Glenda the Good Witch tells Jimmy/the other guy that he needs to go see the Wizard to figure it all out with this angel named Toto who wants to get his wings. Toto kind of looks like a squeaky toy to me.

So anyway he takes off on the Yellow Brick Road and is joined by some hobbits, an elf and a dwarf. They have to fight off a lot of orcs and trolls, which is kind of cool.

Moomus and Doodus say I look like a cave troll...So anyway, they finally get to the wizard and destroy the ring. And when the bell rings, Jimmy gets his wings and goes back to Kansas.

And here's the thing: he could have got there all along.

The cinematography is outstanding. This is a technical film critic thing, but it's like in these old movies they take a bunch of pictures and show them quickly so it looks like people are moving around. So it looks like there are people moving around.

They say if you play Pink Floyd's The Wall while watching this movie you get real confused and depressed. I think that's only true if you run out of popcorn.


December 14, 2007


Welcome to the final day of Heart of Darkness Week at Goat Rope. What can I say? It seemed like a cheery holiday theme and I happened to be in Washington DC. If this is your first visit, please click on earlier entries.

As mentioned previously, Conrad's novel is recounted by the seaman Marlow to friends sitting at twilight on a boat. Marlow is described more than once as sitting like a Buddha.

I'm not sure how well-versed Conrad was in Buddhism, but that image really fits for this story. Particularly in the Mahayana tradition, it is the essence of a Buddha to overcome the delusions of dualistic thinking, which is the all-to-human tendency to classify the world through binary opposites like self/other, good/bad, us/them.

Dualistic thinking is also at the root of imperialist ideologies, with such pairs as civilized/barbarous, white/black, progress/primitivism, etc. Like Guatama, Marlow has gone beyond these dualities. As much as anything else, this story seems to me to be about setting up many polarities and then relativizing or demolishing them.

Two prominent examples would be colonizer/colonized and light/dark.

When the book was published (1902), Britain was near the apparent summit of its imperial power. It was a place where "the sun never set" and where a popular poet wrote of "the white man's burden."

But as the group gazes at the lights around the Thames, the recounting of the tale of the journey to the Congo begins thus:

"And this also," said Marlow suddenly, "has been one of the dark places of the earth...

"I was thinking of very old times, when the Romans first came here, nineteen hundred years ago--the other day..."

He imagines what this "dark" country seemed like to a Roman colonizer intent on extracting tribute

Imagine him here--the very end of the world, a sea the colour of lead, a sky the colour of smoke...going up this river with stores, or orders, or what you like. Sand-banks, marshes, forests, savages,--precious little to eat fit for a civilized man, nothing but Thames water to drink. No Falerian wine here, no going ashore. Here and there a military camp lost in the wilderness, like a needle in a bundle of hay--cold, fog, tempests, disease, exile, and death--death skulking in the air, in the water, in the bush...

Land in a swamp, march through the wood, and in some inland post feel the savagery, the utter savagery, had closed round him--all that mysterious life of the wilderness that stirs in the forest, in the jungles, in the hearts of wild men. There's no initiation either into such mysteries. He has to live in the midst of the incomprehensible, which is also detestable. And it has a fascination, too, that goes to work upon him. The fascination of the abomination--you know, imagine the growing regrets, the longing to escape, the powerless disgust, the surrender, the hate.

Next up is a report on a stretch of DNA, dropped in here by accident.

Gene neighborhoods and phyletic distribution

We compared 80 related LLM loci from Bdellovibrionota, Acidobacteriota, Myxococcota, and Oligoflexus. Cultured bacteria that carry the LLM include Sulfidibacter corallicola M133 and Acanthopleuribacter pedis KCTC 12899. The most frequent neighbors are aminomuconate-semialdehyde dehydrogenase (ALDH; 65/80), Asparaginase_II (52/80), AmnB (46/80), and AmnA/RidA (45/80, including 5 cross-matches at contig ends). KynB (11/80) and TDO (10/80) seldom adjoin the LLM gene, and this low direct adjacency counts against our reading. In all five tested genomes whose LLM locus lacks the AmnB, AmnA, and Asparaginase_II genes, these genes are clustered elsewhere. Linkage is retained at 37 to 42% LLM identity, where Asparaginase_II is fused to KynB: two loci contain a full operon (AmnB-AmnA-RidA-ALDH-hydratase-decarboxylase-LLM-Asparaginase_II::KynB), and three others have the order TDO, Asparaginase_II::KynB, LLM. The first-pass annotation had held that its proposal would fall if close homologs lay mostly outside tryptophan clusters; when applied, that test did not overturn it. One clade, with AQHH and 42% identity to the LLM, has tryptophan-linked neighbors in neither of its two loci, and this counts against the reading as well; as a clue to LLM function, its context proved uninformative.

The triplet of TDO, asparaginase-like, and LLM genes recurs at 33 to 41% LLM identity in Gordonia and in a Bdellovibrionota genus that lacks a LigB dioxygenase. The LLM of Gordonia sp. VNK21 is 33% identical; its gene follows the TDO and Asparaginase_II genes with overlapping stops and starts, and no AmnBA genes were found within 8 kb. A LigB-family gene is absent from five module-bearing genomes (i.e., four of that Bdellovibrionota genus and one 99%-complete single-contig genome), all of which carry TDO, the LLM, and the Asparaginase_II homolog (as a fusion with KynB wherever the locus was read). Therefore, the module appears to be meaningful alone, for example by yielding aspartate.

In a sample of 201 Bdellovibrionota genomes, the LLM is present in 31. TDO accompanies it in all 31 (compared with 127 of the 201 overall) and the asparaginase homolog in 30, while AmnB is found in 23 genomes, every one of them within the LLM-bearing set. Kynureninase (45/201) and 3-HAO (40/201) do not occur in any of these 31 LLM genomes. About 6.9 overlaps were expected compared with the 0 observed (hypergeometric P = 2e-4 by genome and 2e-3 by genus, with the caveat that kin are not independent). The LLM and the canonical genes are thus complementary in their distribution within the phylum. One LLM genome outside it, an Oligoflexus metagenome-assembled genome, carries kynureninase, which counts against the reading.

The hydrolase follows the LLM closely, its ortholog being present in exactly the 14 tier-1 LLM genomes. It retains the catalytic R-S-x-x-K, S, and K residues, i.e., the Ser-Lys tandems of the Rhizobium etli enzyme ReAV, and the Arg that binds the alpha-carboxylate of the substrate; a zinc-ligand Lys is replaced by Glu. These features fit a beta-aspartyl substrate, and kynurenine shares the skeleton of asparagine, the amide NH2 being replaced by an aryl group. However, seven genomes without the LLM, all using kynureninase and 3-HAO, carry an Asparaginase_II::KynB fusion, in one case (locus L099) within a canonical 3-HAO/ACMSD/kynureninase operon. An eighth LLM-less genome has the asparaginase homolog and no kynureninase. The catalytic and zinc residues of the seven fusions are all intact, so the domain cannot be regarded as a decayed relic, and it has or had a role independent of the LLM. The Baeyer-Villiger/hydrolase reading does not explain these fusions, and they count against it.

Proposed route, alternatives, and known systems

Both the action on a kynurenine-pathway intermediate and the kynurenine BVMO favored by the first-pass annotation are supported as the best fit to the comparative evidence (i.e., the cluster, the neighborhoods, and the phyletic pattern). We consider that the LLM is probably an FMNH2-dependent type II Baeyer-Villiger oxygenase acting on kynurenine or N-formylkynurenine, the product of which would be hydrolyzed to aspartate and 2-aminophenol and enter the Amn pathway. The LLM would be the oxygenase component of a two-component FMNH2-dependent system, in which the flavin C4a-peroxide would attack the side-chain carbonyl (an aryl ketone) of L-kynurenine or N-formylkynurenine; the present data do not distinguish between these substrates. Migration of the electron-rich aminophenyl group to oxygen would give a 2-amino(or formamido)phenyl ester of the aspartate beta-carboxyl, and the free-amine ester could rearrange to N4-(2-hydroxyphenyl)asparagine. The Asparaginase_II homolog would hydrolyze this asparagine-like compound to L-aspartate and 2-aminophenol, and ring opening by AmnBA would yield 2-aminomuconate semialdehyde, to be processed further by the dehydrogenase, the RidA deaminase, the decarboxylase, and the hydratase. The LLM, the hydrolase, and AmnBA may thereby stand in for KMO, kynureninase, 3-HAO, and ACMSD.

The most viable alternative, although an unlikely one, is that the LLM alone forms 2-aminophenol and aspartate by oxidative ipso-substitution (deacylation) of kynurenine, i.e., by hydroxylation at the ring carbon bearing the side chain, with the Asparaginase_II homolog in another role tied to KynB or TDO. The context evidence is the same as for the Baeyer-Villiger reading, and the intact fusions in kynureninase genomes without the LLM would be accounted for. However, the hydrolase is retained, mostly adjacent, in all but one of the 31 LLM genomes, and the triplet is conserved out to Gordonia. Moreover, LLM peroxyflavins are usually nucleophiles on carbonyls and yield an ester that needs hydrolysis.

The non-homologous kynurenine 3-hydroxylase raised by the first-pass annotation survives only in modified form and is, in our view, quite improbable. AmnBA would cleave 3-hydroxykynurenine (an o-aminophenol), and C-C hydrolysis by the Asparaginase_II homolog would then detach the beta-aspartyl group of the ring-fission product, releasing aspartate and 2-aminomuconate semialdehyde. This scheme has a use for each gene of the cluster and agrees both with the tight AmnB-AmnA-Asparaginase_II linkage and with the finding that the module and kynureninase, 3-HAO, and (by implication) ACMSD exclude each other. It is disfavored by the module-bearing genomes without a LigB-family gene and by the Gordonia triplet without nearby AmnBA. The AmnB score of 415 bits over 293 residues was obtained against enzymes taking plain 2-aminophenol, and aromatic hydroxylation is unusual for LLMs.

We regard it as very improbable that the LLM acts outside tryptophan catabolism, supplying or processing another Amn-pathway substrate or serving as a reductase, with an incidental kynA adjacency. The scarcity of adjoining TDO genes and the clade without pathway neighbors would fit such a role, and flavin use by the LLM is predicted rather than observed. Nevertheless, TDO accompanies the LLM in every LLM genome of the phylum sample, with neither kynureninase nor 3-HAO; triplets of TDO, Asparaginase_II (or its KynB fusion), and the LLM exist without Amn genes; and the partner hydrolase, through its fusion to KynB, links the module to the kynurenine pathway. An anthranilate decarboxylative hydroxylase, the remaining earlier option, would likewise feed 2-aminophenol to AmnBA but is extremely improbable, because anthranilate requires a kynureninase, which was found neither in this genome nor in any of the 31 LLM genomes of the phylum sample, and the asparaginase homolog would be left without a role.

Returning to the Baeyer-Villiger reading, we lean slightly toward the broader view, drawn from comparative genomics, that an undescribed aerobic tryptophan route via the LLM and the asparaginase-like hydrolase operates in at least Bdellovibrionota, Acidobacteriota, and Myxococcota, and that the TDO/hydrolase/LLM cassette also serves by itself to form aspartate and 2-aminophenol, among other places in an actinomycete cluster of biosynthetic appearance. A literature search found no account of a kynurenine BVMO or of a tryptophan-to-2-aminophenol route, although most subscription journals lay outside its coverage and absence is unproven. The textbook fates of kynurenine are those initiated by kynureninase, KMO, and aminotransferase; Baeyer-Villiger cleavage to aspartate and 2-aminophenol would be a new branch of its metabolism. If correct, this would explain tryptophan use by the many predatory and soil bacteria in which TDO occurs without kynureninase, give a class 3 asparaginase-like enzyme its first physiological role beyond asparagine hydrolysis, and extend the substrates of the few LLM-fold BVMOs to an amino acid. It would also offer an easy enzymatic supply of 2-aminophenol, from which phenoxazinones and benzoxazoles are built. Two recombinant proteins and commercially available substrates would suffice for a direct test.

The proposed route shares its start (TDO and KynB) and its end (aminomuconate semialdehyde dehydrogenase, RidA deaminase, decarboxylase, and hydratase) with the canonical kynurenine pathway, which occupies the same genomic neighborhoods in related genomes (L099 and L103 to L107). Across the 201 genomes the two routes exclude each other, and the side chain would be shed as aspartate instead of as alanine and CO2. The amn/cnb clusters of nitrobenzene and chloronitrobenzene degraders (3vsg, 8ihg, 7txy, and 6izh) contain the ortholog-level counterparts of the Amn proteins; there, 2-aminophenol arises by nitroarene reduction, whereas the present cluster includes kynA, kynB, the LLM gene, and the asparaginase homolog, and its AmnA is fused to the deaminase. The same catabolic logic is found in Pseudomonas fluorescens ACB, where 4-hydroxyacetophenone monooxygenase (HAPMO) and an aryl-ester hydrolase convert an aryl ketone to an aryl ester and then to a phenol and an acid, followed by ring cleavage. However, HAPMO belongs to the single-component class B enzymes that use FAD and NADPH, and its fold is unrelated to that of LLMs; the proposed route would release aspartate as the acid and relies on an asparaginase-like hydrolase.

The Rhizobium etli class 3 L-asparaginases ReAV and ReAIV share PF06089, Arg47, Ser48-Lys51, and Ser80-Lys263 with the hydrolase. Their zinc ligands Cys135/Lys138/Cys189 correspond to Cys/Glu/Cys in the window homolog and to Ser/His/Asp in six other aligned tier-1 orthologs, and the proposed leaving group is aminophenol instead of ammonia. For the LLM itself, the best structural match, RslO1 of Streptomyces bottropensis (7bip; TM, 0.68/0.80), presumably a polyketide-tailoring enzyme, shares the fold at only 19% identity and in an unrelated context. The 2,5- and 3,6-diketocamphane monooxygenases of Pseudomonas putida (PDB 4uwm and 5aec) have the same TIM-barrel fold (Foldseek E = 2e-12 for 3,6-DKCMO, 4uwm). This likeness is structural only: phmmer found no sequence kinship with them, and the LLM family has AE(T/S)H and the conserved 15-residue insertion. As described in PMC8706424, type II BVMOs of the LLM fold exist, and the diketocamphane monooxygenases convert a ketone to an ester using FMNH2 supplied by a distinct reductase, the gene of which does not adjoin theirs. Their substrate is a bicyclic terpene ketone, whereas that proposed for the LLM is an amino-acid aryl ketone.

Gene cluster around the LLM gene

...They were conquerors, and for that you want only brute force--nothing to boast of, when you have it, since your strength is just an accident arising from the weakness of others. They grabbed what they could get for the sake of what was to be got. It was just robbery with violence, aggravated murder on a great scale, and men going at it blind--as is very proper for those who tackle a darkness.

Light and dark are relative and power an accident of history.

A little later, Marlow describes the European city which rules the Congo as "a whited sepulchre," borrowing an image from Jesus' attacks on the Pharisees. The "whiteness" of the imperial city is a superficial layer, concealing darkness, decay and rot within--and we haven't even made it to Africa yet.

Final comment. In a week's worth of writing about this book there's been scarcely a mention of the mad and enigmatic Kurtz who becomes the object of Marlow's quest. The Gentle Reader knows where to find him. He's up the river. Waiting.

WHAT RETIREMENT? Millions of workers, particularly younger ones, have no retirement savings:

More than one out of every three American workers born in 1990 will have zero dollars in a 401(k)-style plan at retirement, a government report said Tuesday, an ominous sign considering many businesses are dumping pension plans.

One step towards a solution would be the creation of universal voluntary accounts that workers could take from job to job and which could help them build the needed savings. Some folks in WV are working to establish such a system at the state level.

SHOUTING HEADS. A new study tells us what we kinda suspected:

Television can encourage awareness of political perspectives among Americans, but the incivility and close-up camera angles that characterize much of today’s “in your face” televised political debate also causes audiences to react more emotionally and think of opposing views as less legitimate.

COUNTING THE COST of the Iraq war is the theme of this op-ed from Madison, WI.

MEGAN WILLIAMS UPDATE. Here's the latest on the planned rally in Charleston.